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Thursday, February 06, 2014  

On Good Books and Bad Readers

A professor who taught T.S. Eliot at the University of Chicago once told a student that he'd been reading Four Quartets for his whole adult life, and that those poems meant something very different to him as a young man, as a scholar in the prime of his career, and again as he neared that career's end. The poems are great because they change with us, he said. This is the sort of insight that comes with the luxury of a lifetime of study, especially once it's freed from the demand to stake out and defend an ideological reading, but it's available to anyone who falls in love with a work that is rich enough to sustain repeated reading. And it's a comment that I remembered as I read a particularly poignant note on yesterday's "creation debate" between Ken Ham and Bill Nye. Both men were asked what would change their mind about the origin and age of the universe, and while Nye said that fossil or cosmological evidence could change his view, Ham said that basically nothing could convince him that his supposedly Biblically-based view was wrong. As Steve Thorngate, writing at the Christian Century, pointed out, this answer wasn't simply a rebuke to science as a method of understanding the world:

Ham’s answer also presents a discouraging view of what it means to be a Christian and to read the Bible. No one is ever going to convince him to understand the Bible differently than he does now? (I know those aren’t his words, but that’s the implication of how he shuts down the question so entirely.) Not new information about the Bible or the world, or new experiences or relationships, or even new revelation from Ham’s relationship with the living God?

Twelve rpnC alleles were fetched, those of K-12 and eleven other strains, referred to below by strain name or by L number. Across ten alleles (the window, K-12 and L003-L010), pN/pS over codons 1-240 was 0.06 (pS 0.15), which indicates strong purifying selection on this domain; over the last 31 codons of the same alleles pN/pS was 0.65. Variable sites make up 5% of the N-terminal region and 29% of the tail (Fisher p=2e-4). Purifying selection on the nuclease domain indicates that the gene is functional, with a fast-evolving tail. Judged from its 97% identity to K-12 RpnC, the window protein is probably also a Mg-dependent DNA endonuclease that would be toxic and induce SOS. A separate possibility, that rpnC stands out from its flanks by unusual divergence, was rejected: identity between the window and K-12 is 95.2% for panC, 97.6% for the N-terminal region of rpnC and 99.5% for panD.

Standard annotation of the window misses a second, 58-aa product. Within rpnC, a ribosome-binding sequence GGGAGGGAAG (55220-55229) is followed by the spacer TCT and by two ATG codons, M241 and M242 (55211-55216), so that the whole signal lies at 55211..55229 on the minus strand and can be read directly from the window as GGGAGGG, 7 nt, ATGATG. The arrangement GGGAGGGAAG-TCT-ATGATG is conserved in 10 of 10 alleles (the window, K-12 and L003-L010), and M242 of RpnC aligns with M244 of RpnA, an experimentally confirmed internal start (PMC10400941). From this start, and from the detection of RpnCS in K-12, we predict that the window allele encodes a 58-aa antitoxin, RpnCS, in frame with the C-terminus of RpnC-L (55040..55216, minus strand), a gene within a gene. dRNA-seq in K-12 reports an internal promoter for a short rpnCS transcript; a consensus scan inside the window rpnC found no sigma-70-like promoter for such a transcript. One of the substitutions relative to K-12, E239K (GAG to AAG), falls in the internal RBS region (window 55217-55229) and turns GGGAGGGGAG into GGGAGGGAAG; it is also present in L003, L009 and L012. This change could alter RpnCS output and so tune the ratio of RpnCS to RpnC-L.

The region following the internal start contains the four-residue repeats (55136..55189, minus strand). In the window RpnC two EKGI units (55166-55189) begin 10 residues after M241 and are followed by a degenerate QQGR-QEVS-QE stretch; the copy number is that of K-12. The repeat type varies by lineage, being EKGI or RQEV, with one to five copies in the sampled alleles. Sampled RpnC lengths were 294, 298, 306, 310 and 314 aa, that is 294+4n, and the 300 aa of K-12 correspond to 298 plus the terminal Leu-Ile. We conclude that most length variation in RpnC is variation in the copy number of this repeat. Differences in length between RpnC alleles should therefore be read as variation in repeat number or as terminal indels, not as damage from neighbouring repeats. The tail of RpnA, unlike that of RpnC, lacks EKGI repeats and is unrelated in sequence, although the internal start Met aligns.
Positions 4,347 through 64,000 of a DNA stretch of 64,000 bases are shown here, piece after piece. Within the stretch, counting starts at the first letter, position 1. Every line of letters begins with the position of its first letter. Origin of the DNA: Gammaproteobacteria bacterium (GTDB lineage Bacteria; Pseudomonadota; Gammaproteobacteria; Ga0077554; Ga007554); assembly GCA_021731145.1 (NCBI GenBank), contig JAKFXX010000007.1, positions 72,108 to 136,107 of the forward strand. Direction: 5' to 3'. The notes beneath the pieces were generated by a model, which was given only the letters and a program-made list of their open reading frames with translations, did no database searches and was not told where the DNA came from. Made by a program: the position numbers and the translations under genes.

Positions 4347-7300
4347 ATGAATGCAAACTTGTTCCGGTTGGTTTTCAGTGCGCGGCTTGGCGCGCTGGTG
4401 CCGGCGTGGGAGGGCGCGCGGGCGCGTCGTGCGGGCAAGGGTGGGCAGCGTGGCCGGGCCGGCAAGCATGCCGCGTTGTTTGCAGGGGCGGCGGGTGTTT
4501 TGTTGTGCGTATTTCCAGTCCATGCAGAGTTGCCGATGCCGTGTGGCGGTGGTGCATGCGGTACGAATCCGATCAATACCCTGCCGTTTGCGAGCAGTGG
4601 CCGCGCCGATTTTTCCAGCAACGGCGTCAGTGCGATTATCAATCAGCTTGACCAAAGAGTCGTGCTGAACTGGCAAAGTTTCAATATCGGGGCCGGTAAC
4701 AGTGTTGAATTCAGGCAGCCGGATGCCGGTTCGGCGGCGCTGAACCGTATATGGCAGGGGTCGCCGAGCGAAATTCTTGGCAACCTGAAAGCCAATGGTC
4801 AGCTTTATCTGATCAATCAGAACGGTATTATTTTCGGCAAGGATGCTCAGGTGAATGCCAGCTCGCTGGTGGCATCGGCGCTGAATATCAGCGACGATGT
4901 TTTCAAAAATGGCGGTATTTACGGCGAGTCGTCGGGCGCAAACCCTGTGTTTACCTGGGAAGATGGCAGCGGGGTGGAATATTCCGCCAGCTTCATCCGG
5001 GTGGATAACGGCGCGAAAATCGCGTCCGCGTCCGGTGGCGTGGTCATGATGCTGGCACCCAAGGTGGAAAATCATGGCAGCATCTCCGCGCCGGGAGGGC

In my relatively short life as a Christian, I’ve changed my mind about lots of things, repeatedly—including what exactly we mean when we say the Bible is true. Lots of Christians have done this, of course (and not just liberal ones). The Century publishes a whole series of articles about how and why. It’s part of the joy—and the responsibility—of a living personal faith.

You can read a thousand critiques, serious and merely jeering, of Ham's performance. It can't account for natural phenomena with any kind of adequacy. It's an irrational lurch toward a philosophical foundation that it can't really provide. And it's worth pointing out that his argument effectively attempts to enshrine his understanding of Scripture as official Christianity for the purposes of law and public policy, such that even Christians who don't especially care about origin-of-life debates should be wary of it. All of this is true.

But I am stuck on this issue with the poverty of reading. Like Thorngate, I'm a Christian of comparatively recent vintage, and like him my understanding of the Bible has changed a lot even in that time. And why wouldn't it? I read Eliot differently than I used to. I found Hamlet to be a brilliant and empathetic figure when I was 17, now as a father and a middle manager in the customs house of life's moral ambiguities I have a lot more sympathy for Polonius. If the Bible is not "merely" a great book--whatever we might mean when we say that--it surely is not less than a great book, not less pliable to our own changing endowments as readers. The story of the binding of Isaac terrorizes and mystifies me more now than it did before my first son was born. The Sermon on the Mount strikes me today as much more a picture of the world as Jesus saw it and urged us to see it than it is a manual for spiritual athletics or a prefatory condemnation of human sinfulness as I may have seen it before. Moreover I don't imagine for a moment that how I read these things today is in any way final.